A New Rib Technique - Watch Out Linemen - Page #1

Author: Courtney Kandler
Co Author #1: Courtney Kandler
Co Author #2: Gale Prentiss, MD
Co Author #3: Justin Young, MD

Patient Presentation:
A 19-year-old male college football defensive lineman complains of very severe posterior shoulder pain after working out.

The patient was preparing for spring camp by doing strenuous weight training. His pain is localized over the left posterior shoulder with peri-scapular radiation, and is maximally experienced with overhead lifting. He took naproxen and this did not help his pain. Ice and electrical stimulation also provided little relief. It has worsened over the past two weeks. He denies any direct trauma to the region, nor any weakness, numbness, or tingling. The patient does report a history of left sided stingers years ago, but states this feels completely different.

Physical Exam:
Shoulder: Full range of motion in flexion, extension, abduction, and adduction, but with full forward flexion and abduction there is pain over the posterior shoulder. There is no tenderness to palpation over the clavicle, acromioclavicular joint, glenohumeral joint, or sternoclavicular joint. There is tenderness to palpation over the posterior shoulder, specifically the superior-medial border of the scapula and the distal trapezius. Strength is 5/5 in abduction, external rotation, and internal rotation. Hawkin’s and Neer’s tests are negative. Speed’s test is negative. Roos test is negative. The radial pulses are 2+ bilaterally.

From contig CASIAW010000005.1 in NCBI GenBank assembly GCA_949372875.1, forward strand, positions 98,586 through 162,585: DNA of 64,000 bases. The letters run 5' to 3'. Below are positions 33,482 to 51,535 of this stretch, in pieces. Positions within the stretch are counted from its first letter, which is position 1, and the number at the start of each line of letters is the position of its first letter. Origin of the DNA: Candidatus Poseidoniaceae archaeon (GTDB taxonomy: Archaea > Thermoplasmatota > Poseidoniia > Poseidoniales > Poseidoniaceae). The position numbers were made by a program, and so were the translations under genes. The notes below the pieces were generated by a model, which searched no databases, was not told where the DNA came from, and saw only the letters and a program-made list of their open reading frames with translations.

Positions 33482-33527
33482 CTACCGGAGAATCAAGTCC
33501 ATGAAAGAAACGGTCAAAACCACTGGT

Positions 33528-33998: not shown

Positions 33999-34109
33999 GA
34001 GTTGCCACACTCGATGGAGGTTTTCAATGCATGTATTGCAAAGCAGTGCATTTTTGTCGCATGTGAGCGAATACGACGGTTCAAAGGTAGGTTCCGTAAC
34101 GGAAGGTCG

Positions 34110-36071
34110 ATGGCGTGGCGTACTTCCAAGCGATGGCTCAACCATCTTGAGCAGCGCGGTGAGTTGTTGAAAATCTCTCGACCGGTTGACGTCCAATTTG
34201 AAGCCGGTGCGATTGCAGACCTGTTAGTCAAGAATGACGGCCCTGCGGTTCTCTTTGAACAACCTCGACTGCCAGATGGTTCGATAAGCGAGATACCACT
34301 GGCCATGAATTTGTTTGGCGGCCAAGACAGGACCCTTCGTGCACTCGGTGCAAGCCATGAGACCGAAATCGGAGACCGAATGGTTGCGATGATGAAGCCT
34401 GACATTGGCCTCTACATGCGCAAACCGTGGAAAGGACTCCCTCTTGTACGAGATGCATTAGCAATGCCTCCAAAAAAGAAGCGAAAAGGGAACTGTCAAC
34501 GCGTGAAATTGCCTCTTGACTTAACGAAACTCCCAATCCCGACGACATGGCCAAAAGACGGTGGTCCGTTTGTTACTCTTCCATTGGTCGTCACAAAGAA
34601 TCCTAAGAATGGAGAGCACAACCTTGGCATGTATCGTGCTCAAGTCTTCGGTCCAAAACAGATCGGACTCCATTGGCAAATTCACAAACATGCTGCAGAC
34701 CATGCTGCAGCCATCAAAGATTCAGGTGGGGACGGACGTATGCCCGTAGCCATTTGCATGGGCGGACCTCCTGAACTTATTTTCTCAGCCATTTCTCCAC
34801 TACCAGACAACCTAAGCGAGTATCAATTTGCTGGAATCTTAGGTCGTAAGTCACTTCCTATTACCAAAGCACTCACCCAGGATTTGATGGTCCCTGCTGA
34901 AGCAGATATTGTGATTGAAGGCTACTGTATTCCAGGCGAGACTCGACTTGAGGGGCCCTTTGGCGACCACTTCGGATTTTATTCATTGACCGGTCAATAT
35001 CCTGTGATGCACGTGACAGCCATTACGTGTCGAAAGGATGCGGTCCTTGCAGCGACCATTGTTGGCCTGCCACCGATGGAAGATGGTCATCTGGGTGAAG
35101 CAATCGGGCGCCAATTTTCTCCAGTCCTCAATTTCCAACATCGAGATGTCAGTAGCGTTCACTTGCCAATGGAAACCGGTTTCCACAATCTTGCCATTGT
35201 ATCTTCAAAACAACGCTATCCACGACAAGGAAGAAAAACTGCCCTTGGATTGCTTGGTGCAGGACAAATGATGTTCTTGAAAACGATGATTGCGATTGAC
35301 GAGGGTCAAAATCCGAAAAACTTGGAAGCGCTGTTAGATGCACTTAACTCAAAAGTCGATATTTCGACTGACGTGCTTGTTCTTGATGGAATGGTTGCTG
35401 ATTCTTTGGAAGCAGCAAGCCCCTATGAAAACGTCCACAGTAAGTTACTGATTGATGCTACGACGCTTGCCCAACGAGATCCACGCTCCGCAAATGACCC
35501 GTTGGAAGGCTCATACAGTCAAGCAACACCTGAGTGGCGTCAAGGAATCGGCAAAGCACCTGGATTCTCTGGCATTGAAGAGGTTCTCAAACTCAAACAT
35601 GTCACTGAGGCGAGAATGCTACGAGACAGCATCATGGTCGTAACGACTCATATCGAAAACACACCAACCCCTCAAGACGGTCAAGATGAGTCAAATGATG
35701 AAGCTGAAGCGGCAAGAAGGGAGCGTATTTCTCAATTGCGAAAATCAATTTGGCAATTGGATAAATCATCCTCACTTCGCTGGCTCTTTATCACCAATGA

Neck: Full range of motion in flexion, extension, and side bending. Spurling’s test is negative. Deep tendinous reflex of triceps, biceps, and brachioradialis are 2+ and symmetric. Sensation to light touch is intact. Palpation over thoracic and cervical spine elicits no pain.
Back: Smooth scapulothoracic motion

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NOTE: For more information, please contact the AMSSM, 4000 W. 114th Street, Suite 100, Leawood, KS 66211 (913) 327-1415.

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Phone: 913.327.1415

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